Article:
Activists Urge Congress to Repeal Military's 'Gay Ban'
July 7, 2008
(CNSNews.com) - A group that lobbies against the ban on homosexuals in the military says this week's campaign to change minds in Washington was a success.
More than 60 veterans and activists from 22 states "stormed" Capitol Hill on Tuesday, urging lawmakers to repeal the military's "Don't Ask, Don't Tell" policy, Servicemembers Legal Defense Network said in a press release.
The group called its second annual lobby day "the largest organized effort" relating to "Don't Ask, Don't Tell" since the military adopted the policy in 1993, at the behest of President Bill Clinton.
In all, twenty-two state delegations met with over ninety Congressional offices, Republican and Democratic, from both the House and Senate, Servicemembers Legal Defense Network said. "Last year, fourteen state delegations met with fifty congressional offices.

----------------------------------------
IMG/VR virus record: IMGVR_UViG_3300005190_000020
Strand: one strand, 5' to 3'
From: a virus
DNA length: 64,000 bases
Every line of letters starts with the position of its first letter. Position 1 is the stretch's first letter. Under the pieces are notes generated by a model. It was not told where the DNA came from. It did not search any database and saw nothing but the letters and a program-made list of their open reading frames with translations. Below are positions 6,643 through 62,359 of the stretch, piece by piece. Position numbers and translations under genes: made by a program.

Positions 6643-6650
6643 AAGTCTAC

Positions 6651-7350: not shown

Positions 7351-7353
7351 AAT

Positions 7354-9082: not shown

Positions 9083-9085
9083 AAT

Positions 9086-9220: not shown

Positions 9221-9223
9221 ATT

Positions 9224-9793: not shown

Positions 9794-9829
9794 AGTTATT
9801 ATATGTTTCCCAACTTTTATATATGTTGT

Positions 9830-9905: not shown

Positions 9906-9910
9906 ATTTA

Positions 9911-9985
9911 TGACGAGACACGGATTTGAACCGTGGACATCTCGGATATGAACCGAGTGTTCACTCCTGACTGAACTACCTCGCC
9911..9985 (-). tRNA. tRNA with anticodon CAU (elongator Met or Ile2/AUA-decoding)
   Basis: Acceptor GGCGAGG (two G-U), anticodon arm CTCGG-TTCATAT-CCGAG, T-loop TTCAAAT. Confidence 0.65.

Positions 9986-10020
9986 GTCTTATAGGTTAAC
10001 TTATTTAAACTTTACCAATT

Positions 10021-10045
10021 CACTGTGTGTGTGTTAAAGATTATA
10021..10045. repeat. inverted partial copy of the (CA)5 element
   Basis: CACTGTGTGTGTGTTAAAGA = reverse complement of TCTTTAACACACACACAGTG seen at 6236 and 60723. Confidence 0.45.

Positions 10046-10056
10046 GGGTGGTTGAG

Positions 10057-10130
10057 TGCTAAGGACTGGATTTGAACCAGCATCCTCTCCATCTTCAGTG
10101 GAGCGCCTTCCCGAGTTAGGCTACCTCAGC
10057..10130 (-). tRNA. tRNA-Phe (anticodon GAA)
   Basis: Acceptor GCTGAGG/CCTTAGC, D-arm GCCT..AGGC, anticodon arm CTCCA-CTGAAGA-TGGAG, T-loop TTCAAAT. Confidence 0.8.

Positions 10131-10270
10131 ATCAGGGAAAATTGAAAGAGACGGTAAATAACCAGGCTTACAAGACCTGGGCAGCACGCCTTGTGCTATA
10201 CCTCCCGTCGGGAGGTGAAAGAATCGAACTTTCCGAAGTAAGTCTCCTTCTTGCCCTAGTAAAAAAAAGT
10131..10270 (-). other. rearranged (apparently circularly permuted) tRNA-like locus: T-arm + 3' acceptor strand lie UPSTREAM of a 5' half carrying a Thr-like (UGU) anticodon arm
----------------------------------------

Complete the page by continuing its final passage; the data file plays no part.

"There is overwhelming support to repeal 'Don't Ask, Don't Tell,'" said C. Dixon Osburn, SLDN's executive director, pointing to various public opinion polls.
He said the policy "hurts military readiness, depriving our country of the talents and skills of patriotic Americans."
Rep. Marty Meehan (D-Mass.), a member of the House Armed Services Committee, agreed: "The momentum to repeal 'Don't Ask, Don't Tell' is growing and the days of anti-gay discrimination in our armed forces are limited," Meehan said in a press release put out by SLDN.
Send a Letter to the Editor about this article.